• André Kertesz, (American, born Hungary, 1894-1985), Fountain and Church in Fog, 1917, vintage contact print, 1- 9/16 x 1⅜”. Aldine S. Hartman Endowment Fund.

• Edward Weston (American, 1886-1958), Melting Ice, 1938, vintage silver gelatin photograph, 8×10”. Aldine S. Hartman Endowment Fund.

• Ernest Withers (American, 1922-2007), I Am A Man, Sanitation Workers Strike, Memphis, TN, March 28, 1968, 1968, printed ca. 1990s, gelatin silver print, 20 X 24”. NEA Fund for American Art.

Seven African objects. Gift of Drs. Kenneth and Carol Adelman, Arlington.
• Yaka (Democratic Republic of the Congo), Phuungu Figure (Charm), 19th-20th century, wood, beads, cloth, fiber, horn, feather, 10⅝”h
• Kongo culture (Democratic Republic of the Congo), Whistle with Frog and Snake Motif, 19th–20th century, ivory, glass beads, fiber, 5⅛”h
• Pende culture (Democratic Republic of the Congo), Whistle, 19th-20th century, ivory, 3¾”h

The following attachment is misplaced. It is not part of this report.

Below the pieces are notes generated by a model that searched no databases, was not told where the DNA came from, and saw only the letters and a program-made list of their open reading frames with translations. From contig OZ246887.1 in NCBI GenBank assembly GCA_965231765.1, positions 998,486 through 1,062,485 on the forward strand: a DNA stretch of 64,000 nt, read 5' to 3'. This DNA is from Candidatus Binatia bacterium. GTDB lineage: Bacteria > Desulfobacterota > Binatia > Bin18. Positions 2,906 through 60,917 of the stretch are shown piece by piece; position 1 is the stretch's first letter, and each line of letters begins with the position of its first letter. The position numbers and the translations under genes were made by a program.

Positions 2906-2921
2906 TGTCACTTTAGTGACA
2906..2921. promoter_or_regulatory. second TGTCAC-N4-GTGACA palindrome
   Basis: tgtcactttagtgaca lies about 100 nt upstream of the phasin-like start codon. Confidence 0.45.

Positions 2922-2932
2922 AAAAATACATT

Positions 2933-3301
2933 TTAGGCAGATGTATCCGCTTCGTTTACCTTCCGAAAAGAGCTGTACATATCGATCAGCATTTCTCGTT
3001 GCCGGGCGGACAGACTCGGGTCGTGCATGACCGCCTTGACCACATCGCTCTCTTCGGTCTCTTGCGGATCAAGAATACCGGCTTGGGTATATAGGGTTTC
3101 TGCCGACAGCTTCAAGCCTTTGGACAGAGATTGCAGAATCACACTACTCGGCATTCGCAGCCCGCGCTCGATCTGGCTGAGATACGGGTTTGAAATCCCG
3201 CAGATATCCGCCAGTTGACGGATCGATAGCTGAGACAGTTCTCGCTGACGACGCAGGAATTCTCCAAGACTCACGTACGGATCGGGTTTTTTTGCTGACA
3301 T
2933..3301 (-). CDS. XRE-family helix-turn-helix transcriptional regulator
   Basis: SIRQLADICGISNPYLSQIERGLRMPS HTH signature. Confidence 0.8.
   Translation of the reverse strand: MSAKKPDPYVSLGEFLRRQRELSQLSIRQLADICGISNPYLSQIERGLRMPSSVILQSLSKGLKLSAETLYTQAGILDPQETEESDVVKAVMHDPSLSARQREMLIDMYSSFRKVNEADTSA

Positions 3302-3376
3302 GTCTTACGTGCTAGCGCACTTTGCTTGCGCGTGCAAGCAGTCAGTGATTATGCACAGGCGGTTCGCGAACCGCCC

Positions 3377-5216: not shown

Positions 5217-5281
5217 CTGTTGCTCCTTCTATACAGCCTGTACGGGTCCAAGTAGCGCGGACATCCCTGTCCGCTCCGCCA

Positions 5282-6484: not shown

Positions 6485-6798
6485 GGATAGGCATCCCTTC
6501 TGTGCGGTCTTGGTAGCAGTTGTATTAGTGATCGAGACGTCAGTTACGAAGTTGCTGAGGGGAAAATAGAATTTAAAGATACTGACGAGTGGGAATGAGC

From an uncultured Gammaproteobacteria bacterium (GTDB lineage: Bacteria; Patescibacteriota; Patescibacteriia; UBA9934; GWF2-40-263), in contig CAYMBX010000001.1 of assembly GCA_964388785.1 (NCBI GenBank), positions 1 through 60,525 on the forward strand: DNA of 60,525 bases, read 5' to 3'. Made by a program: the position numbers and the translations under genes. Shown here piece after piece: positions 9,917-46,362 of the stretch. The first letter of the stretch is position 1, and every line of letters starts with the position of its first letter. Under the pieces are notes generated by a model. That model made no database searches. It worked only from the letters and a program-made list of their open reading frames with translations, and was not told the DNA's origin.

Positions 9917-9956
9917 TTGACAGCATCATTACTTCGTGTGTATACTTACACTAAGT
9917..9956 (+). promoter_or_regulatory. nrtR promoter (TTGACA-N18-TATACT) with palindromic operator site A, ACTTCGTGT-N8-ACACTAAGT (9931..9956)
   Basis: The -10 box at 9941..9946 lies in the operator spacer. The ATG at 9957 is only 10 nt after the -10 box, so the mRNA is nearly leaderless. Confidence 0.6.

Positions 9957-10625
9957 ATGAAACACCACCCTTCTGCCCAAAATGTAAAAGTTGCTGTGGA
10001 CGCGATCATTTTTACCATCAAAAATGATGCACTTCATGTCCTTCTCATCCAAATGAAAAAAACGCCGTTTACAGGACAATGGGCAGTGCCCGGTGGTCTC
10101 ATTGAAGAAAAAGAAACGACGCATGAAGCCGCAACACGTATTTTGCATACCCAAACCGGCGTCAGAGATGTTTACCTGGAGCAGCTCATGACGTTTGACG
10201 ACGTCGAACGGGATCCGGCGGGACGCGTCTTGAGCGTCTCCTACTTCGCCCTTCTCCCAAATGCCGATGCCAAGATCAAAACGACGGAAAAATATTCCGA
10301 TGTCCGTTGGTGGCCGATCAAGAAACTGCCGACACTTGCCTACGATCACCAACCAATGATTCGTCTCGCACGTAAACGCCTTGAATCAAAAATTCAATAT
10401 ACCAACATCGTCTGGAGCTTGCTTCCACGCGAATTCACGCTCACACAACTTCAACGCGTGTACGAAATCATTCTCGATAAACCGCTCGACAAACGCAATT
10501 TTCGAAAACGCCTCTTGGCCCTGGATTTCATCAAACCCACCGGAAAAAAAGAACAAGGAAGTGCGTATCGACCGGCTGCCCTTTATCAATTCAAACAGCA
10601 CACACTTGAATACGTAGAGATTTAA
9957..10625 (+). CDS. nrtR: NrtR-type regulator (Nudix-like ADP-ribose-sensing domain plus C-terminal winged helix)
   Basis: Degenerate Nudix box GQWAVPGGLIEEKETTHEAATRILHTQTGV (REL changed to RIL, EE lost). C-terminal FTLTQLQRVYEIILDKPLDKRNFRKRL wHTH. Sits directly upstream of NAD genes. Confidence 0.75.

• Holo culture (Democratic Republic of the Congo), Pipe with Seated Figure, 19th-20th century, wood, metal, 6⅞” long
• Holo culture (Democratic Republic of the Congo), Pipe with Two Kneeling Figures and Crocodile, 19th-20th century, wood, metal, 8¾” long
• Kuba culture (Democratic Republic of the Congo), Cosmetic Box, 19th-20th century, wood, 5½”h
• Kuba culture (Democratic Republic of the Congo), Ngady amwaash mask, 19th-20th century, wood, cowrie shells, glass beds, cloth, fiber, 13”h

• Joseph Foxcroft Cole (American, 1837-92), French Farm Scene, 1861, oil on canvas, 13x 21”. Gift of Mr. and Mrs. Charles G. Thalhimer, Richmond.

• Wilfrid de Glehn, (British, born Germany, 1870-1951), Breakfast in the Bower [Déjeuner sous la Tonnelle], 1908, oil on canvas, 40½ x 35½”. Gift of Joseph T. and Jane Joel Knox, Richmond.